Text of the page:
Federal Drug Sentencing Changes Similar To Arkansas Law

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(Memphis) Tax payers spend $80 billion a year on federal prisoners.

The Department of Justice says jails all around the country are full of convicted drug offenders waiting for room to open up at a state or federal prison.

They say loosening the drug sentencing guidelines could help with that problem.

It`s all a part of a prison reform package the Obama Administration is taking on, hoping lawmakers will approve it. The plan doesn`t punish drug offenders, who have no ties to gangs or big time drug dealers with charges, by sending them to prison.

The new plan saves room in prison for the high level and violent drug traffickers.

An Arkansas state law very similar to this federal plan is already in place.

It puts first time non-violent offenders on probation instead of jail.

We spoke with District Prosecuting Attorney Scott Ellington who`s in Jonesboro and he claims the law cuts down on inmates, but it wastes manpower and tax dollars because they have to keep arresting the same people over and over.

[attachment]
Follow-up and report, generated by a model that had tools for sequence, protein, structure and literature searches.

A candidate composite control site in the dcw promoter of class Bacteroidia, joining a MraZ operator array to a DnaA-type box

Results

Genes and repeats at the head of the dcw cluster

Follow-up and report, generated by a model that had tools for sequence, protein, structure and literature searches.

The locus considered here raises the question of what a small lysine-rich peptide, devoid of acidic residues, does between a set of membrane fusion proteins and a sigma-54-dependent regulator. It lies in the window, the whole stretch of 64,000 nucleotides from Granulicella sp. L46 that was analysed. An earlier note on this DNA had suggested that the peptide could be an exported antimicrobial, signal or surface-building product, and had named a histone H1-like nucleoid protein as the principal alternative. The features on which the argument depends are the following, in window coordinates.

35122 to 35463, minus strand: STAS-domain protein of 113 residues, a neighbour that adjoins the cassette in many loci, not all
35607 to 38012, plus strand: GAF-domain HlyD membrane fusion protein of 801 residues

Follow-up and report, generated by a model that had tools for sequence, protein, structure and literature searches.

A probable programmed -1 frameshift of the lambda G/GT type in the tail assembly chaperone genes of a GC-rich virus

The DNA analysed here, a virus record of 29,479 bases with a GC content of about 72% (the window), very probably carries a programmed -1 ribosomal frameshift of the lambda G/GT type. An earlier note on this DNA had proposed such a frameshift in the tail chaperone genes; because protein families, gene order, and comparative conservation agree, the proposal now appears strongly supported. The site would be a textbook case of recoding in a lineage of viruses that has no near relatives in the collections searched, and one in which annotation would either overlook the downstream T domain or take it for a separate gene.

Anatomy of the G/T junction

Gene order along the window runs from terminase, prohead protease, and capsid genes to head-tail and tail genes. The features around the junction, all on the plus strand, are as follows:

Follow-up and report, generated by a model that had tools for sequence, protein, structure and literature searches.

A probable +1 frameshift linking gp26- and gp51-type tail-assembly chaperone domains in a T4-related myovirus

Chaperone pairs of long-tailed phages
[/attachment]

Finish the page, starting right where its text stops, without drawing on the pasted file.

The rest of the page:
“It generally has to be a multiple time offender before we can send them to the penitentiary on drug charges,” said Ellington.

J`Meco Davis was locked up on drug charges and believes his time in jail was the wakeup call he needed, but he thinks jobs not jail time is the real issue.

“They`re not trying to give me my own thing so I`m going to be my own boss. Put enough jobs out here for the population,” said Davis.

The federal plan saves tax payers billions, but this some Memphians told News Channel 3 they believe some people may need to go to jail to learn a lesson.

The new plan takes the amount of drugs an offender has on them out of the charging mix. It also lets elderly drug offenders who have served a lot of time out of prison.